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Baker's Dozen

Beloved Transmissions: Mary Anne Hobbs' Favourite Albums
Daniel Dylan Wray , May 22nd, 2017 08:14

Ahead of her curation at the Manchester International Festival, Mary Anne Hobbs guides Daniel Dylan Wray on an inspiring trip through 13 records that shaped her life

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Burial - Burial
He changed the face of electronic music with this record. When he made it almost nobody in the scene knew what he looked like or who he was, there were only a couple of people such as myself, Kode9 and another journalist called Martin Clarke and maybe a few others but not many. This meant that he was able to move around, even in places like DMZ, entirely freely in that crowd without anybody knowing who he was at all. I think there's something about his invisibility and the absence of him and yet paradoxically the fact that he's so present within that sound. That paradox is really extraordinary. I think he's one of the very few artists who is operating at any level in the world, who genuinely covets that degree of invisibility. I stay in touch with him sporadically and everyone always asks me what he's like and this is all entirely honest and genuine [what he does], he is incredibly shy and very withdrawn, he's only ever really interested in the music he's making, he's not interested in performing, in PR, in a status of any kind, he's just entirely immersed in his own world and lives inside the music. That's the place he feels safe and it's where he wants to be.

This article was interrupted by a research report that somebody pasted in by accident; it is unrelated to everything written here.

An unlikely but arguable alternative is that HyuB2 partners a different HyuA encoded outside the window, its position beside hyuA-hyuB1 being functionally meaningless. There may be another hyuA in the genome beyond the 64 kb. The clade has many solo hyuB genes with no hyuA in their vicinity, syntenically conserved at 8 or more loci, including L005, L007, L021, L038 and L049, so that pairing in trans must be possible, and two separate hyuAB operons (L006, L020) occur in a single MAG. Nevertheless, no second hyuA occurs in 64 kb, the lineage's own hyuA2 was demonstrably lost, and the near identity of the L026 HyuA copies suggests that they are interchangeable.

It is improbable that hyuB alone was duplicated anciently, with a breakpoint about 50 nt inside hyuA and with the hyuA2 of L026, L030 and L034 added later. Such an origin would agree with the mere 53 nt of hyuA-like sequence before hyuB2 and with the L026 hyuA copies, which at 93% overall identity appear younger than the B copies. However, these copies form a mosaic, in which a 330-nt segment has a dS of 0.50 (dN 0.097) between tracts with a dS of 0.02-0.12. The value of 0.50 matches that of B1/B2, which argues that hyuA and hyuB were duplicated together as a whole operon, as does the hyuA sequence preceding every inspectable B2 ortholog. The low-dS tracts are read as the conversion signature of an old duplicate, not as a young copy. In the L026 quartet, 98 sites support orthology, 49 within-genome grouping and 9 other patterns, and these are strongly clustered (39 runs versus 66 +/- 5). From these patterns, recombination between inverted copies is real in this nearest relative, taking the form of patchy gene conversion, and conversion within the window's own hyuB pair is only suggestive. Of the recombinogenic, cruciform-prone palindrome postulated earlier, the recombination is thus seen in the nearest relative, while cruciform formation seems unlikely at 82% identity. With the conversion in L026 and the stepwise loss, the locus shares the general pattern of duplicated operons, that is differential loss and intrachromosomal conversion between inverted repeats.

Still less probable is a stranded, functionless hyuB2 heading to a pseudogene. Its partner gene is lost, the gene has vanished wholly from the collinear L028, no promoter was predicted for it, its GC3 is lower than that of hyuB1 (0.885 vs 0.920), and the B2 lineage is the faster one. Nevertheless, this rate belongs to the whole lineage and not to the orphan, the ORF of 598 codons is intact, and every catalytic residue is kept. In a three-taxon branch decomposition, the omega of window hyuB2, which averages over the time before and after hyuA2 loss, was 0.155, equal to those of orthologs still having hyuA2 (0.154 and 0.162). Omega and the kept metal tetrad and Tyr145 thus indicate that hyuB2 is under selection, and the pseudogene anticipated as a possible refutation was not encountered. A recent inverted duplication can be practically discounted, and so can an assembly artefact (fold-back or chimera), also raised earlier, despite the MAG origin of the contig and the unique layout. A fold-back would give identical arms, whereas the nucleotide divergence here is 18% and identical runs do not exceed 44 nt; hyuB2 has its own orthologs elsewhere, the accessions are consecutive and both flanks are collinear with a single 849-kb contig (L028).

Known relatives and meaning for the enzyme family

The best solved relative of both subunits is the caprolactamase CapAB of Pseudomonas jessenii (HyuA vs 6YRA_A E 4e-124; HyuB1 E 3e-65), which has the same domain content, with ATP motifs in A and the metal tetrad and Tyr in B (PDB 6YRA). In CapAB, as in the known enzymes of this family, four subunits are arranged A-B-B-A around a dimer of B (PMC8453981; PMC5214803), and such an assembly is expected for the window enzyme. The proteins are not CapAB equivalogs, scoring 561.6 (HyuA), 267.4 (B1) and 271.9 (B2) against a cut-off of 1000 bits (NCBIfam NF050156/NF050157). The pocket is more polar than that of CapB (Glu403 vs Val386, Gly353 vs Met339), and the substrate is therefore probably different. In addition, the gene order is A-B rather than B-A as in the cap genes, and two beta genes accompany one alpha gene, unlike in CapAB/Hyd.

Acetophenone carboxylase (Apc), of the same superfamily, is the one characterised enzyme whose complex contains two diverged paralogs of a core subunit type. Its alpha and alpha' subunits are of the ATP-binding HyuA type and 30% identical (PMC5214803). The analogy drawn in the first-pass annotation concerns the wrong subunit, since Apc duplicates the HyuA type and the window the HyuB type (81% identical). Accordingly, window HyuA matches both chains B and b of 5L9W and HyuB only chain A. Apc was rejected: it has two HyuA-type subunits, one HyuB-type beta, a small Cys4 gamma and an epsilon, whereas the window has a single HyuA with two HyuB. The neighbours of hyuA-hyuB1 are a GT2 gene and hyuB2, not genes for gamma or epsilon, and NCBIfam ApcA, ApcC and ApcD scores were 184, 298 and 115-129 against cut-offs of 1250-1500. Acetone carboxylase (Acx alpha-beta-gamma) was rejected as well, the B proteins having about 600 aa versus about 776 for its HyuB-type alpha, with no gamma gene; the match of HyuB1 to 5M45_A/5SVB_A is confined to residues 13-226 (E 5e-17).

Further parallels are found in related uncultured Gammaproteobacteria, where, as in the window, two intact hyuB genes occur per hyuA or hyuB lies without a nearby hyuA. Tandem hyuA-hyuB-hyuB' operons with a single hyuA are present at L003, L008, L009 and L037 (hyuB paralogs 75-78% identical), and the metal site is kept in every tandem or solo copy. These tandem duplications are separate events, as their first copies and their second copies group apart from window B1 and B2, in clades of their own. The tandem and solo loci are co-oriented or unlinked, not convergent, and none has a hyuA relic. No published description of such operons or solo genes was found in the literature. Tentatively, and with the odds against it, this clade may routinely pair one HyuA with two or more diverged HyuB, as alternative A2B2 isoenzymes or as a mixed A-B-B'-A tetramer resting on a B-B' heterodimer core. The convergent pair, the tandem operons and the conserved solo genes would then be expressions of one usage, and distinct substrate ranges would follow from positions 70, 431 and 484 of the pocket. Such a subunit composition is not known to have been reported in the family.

I very first heard his music when I was doing a show called Dubstep Warz and Kode9 played a Burial track on it as the last tune in his set, I remember saying to Steve, "oh my god, what was that last song you played?" and he said, "oh this is this kid I found called Burial". Subsequently we previewed the album on the show. I say I knew him but even then he was very, very reclusive, he would only materialise physically on occasion, he genuinely is one of the shyest people I have ever known. However, I feel like in a world where everything is so exposed, you have to give up so much of yourself as a human being to sell anything - because that's what's expected of you as an artist - it often means that you can sell the music if you sell yourself. Burial demonstrates that there is another way to do it, should you so desire and are brave enough and exceptional enough as an artist. He creates a sense of being absolutely present and yet utterly invisible. He captures a mood with this record, we've all been there: it's maybe five or six in the morning and you have the echo of the club still ringing in your ears and you're on the top of a night bus or walking through the streets of Soho and the only thing you'll see is maybe the bin men coming out to sweep away the debris from the night before. He captures that so beautifully and perfectly, that transition point between a state of real euphoria and to where you're travelling to, to hopefully reach a state of peace. When Burial releases a record the world stops for me.


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